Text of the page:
You may or may not know this but I am 100% bi-sexual. Me and a girlfriend of mine got into a debate about what is pretty and what is not. So as I often say now, "OFF TO THINK ATHEIST INTERWEBS TO ASK RATIONAL PEOPLE!"
So here I am with a few questions:
I will be at work most of the day but I will be able to read most of your responses on my phone.
The post production work is used to enhance and exaggerate appealing aspects and to hide perceived flaws. It could be argued that women who wear makeup or perfume do the same thing to a different degree. I'm sure many would be perfectly fine arguing that, too. I wouldn't disagree too much other than to point out that this desire for projecting outward beauty is innate and not gender specific, by and large.
Maybe I am not most men, but I prefer more natural looking women of various shapes and sizes. That being said, I think us men will stop wondering why even a beautiful woman doesn't come up to scratch when women stop wondering why they can't find a nice guy.
Gauntlet = Thrown. :p
If we're to fight the body image problems girls have, we need to do it at the girl. We can't change anything else, really. Vogue is not going to start having average-looking women. Being average or "normal" will never be an ideal. By their nature, ideals are a bit out of reach for most, be they physical ideals for females or athletic ideals for males. And, while perhaps not to the same degree, boys are affected by ideals, too. Trying too hard to achieve an ideal body or feeling less of themselves for their inability to do so. And in a world where the average penis is 5 or 6 inches, how does it make boys feel to see porn featuring guys who exceed that range by a few inches. Almost nothing can be done about penis size. At least one does, to some extent, have control over much of his or her physique. By doing it "at the girl" I mean we need to educate our girls to understand the real role of ideas and arm them with attitudes to resist them. As long as we have freedom of speech and expression, fashion magazines will present ideals.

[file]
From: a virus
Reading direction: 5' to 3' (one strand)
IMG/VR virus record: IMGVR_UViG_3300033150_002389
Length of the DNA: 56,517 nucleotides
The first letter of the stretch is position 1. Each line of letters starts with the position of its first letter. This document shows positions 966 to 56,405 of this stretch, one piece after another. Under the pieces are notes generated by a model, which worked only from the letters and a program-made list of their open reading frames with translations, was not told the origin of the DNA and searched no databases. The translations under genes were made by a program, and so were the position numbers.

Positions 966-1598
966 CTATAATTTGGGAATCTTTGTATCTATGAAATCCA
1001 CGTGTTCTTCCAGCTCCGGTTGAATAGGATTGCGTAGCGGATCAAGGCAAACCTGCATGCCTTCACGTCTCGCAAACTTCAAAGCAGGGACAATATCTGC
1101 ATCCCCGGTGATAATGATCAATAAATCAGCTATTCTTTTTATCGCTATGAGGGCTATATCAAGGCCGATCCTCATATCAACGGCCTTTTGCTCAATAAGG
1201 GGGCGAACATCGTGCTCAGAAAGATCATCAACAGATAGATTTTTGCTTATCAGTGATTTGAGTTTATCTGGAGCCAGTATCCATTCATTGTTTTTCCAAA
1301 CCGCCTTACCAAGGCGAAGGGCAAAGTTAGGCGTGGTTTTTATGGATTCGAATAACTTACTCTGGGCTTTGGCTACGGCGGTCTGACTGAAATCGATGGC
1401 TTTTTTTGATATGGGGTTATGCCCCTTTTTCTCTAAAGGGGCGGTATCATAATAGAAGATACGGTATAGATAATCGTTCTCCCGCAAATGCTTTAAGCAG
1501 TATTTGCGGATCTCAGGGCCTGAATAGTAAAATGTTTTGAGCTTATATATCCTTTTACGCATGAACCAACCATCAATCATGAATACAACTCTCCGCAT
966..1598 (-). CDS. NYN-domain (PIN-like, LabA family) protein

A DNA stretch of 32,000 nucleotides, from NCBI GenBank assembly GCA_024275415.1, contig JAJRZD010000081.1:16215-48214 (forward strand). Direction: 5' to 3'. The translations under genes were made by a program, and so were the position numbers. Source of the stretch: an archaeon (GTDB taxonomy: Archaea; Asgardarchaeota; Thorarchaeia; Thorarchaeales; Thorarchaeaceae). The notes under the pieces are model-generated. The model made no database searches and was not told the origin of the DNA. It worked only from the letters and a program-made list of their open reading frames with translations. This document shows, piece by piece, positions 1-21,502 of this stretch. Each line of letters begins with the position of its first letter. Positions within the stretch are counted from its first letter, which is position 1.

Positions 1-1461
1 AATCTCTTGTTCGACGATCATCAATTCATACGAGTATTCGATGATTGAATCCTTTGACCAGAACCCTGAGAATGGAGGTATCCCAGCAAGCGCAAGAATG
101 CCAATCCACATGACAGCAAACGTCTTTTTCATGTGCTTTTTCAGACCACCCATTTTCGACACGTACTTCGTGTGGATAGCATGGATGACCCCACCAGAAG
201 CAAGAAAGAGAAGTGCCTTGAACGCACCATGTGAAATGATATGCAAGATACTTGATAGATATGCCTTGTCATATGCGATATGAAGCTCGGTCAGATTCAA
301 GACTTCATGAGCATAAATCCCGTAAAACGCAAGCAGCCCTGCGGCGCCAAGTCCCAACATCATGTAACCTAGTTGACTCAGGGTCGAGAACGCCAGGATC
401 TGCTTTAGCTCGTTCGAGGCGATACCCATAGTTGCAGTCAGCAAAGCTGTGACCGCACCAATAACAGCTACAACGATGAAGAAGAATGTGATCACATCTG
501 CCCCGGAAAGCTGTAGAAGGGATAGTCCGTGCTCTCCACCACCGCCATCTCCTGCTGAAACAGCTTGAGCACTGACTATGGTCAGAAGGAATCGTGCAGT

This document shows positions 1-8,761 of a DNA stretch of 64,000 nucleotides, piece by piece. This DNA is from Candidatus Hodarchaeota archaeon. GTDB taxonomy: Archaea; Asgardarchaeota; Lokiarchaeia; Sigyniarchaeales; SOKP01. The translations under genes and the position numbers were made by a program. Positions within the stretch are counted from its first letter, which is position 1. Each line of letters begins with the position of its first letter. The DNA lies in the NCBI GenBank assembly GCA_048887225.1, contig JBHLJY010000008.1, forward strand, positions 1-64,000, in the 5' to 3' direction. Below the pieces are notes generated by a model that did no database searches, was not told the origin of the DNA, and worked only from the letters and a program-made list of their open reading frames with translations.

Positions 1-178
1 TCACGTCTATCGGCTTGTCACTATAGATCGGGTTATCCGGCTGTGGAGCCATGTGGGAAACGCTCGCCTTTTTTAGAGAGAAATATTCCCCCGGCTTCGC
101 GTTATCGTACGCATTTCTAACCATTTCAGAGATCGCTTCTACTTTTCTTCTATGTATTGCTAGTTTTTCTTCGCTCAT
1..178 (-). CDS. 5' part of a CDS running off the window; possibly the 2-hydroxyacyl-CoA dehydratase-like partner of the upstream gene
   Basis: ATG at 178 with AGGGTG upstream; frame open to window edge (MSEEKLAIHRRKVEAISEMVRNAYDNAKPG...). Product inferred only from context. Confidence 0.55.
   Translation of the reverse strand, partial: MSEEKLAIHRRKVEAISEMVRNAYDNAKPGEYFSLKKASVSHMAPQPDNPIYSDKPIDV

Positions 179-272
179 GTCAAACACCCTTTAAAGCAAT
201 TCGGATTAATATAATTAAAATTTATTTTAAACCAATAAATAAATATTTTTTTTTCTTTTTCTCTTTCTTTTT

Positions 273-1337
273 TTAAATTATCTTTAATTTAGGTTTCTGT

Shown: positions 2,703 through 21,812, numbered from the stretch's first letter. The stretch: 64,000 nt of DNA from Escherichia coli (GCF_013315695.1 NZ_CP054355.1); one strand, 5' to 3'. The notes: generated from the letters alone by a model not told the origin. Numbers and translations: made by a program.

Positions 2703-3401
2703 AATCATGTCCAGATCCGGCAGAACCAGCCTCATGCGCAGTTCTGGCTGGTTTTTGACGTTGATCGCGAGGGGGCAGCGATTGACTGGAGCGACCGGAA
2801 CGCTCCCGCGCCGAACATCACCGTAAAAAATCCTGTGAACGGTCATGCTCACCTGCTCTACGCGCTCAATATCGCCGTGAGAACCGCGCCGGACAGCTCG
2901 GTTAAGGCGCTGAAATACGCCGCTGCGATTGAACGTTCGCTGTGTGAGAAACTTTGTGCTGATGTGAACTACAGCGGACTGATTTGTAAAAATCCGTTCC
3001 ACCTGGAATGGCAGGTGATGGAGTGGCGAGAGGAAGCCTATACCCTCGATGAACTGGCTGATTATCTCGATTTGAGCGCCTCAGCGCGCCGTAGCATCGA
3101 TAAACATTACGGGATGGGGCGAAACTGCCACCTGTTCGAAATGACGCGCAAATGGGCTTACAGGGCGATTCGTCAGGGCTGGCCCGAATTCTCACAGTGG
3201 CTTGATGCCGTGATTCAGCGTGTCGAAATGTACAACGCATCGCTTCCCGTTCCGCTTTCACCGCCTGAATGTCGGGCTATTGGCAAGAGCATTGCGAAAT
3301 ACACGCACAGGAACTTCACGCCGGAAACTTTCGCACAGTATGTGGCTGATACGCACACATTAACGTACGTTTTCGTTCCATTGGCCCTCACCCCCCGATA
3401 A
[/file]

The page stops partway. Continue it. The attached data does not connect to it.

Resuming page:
There is another reason to work on girls' attitudes about their bodies with a mind to having them more concerned with health than body configuation, and that is that, despite the undue attention spent on anorexia, FAR more women will die of matters related to overweight than underweight or malnutritiion. At the other dysfunctional extreme is the "fat acceptance" movement, which is full of women who are going to die relatively early in life of heart attacks or diabetes.